+ -javaagent:path/to/applicationinsights-agent-3.1.0.jar>
</jvm-options> ... </java-config>
Java and Process Management > Process definition > Java Virtual Machine
``` In "Generic JVM arguments" add the following: ```--javaagent:path/to/applicationinsights-agent-3.0.3.jar
+-javaagent:path/to/applicationinsights-agent-3.1.0.jar
``` After that, save and restart the application server.
After that, save and restart the application server.
Create a new file `jvm.options` in the server directory (for example `<openliberty>/usr/servers/defaultServer`), and add this line: ```--javaagent:path/to/applicationinsights-agent-3.0.3.jar
+-javaagent:path/to/applicationinsights-agent-3.1.0.jar
```
azure-monitor Java Standalone Config https://github.com/MicrosoftDocs/azure-docs/commits/master/articles/azure-monitor/app/java-standalone-config.md
You will find more details and additional configuration options below.
## Configuration file path
-By default, Application Insights Java 3.0 expects the configuration file to be named `applicationinsights.json`, and to be located in the same directory as `applicationinsights-agent-3.0.3.jar`.
+By default, Application Insights Java 3.0 expects the configuration file to be named `applicationinsights.json`, and to be located in the same directory as `applicationinsights-agent-3.1.0.jar`.
You can specify your own configuration file path using either * `APPLICATIONINSIGHTS_CONFIGURATION_FILE` environment variable, or * `applicationinsights.configuration.file` Java system property
-If you specify a relative path, it will be resolved relative to the directory where `applicationinsights-agent-3.0.3.jar` is located.
+If you specify a relative path, it will be resolved relative to the directory where `applicationinsights-agent-3.1.0.jar` is located.
## Connection string
and the console, corresponding to this configuration:
`level` can be one of `OFF`, `ERROR`, `WARN`, `INFO`, `DEBUG`, or `TRACE`. `path` can be an absolute or relative path. Relative paths are resolved against the directory where
-`applicationinsights-agent-3.0.3.jar` is located.
+`applicationinsights-agent-3.1.0.jar` is located.
`maxSizeMb` is the max size of the log file before it rolls over.
azure-monitor Java Standalone Troubleshoot https://github.com/MicrosoftDocs/azure-docs/commits/master/articles/azure-monitor/app/java-standalone-troubleshoot.md
In this article, we cover some of the common issues that you might face while in
## Check the self-diagnostic log file
-By default, the Java 3.0 agent for Application Insights produces a log file named `applicationinsights.log` in the same directory that holds the `applicationinsights-agent-3.0.3.jar` file.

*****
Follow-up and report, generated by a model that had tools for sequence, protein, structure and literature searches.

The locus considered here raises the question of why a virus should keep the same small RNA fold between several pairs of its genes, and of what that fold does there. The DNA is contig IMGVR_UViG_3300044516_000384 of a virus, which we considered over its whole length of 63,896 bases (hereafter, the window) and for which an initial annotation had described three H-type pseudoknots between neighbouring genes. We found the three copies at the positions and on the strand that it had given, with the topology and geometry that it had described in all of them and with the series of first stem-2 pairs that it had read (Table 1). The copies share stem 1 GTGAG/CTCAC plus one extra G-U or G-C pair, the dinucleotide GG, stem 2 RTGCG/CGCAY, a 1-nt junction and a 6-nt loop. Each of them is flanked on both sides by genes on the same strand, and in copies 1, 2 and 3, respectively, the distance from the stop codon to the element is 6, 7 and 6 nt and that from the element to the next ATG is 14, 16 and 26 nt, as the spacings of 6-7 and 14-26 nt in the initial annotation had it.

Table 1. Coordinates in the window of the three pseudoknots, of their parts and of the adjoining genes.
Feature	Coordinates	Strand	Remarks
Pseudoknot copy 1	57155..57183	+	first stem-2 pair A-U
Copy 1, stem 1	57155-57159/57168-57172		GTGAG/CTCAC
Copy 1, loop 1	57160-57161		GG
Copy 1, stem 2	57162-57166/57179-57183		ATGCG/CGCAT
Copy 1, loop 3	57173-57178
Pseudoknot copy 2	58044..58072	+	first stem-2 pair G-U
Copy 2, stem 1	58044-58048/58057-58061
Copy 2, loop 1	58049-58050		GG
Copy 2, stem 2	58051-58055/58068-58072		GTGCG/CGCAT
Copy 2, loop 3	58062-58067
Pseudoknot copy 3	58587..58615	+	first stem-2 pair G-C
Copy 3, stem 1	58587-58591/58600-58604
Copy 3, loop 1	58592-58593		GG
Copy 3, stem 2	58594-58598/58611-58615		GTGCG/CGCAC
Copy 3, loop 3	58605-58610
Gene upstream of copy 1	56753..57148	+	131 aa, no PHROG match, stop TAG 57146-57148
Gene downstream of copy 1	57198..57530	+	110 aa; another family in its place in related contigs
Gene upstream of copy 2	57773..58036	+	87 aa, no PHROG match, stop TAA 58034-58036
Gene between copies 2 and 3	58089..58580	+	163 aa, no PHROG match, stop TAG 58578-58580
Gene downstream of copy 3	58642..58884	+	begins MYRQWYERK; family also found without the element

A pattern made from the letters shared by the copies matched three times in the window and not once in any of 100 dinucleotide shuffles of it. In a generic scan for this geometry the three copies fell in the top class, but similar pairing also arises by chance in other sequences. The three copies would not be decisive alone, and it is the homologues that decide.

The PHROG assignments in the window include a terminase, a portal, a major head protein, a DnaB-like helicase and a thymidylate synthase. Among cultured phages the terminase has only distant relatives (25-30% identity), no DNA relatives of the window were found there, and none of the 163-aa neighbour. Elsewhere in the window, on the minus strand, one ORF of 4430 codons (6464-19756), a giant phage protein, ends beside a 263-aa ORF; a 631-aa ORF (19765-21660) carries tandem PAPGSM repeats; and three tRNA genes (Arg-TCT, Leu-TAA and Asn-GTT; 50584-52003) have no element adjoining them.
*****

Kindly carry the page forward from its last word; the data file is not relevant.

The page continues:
+By default, the Java 3.0 agent for Application Insights produces a log file named `applicationinsights.log` in the same directory that holds the `applicationinsights-agent-3.1.0.jar` file.
This log file is the first place to check for hints to any issues you might be experiencing.
azure-monitor Java Standalone Upgrade From 2X https://github.com/MicrosoftDocs/azure-docs/commits/master/articles/azure-monitor/app/java-standalone-upgrade-from-2x.md
using different connection strings or different role names yet.
## Operation names
+In the 2.x SDK, in some cases, the operation names contained the full path, e.g.
++ Operation names in 3.0 have changed to generally provide a better aggregated view
-in the Application Insights Portal U/X.
+in the Application Insights Portal U/X, e.g.
However, for some applications, you may still prefer the aggregated view in the U/X that was provided by the previous operation names, in which case you can use the [telemetry processors](./java-standalone-telemetry-processors.md) (preview) feature in 3.0 to replicate the previous behavior.
-### Prefix the operation name with the http method (`GET`, `POST`, etc.)
-
-In the 2.x SDK, the operation names were prefixed by the http method (`GET`, `POST`, etc.), e.g
--
-Starting in 3.0.3, you can bring back this 2.x behavior using
-
-```json
-{
- "preview": {
- "httpMethodInOperationName": true
- }
-}
-```
-
-### Set the operation name to the full path
-
-Also, in the 2.x SDK, in some cases, the operation names contained the full path, e.g.
--
-The snippet below configures 4 telemetry processors that combine to replicate the previous behavior.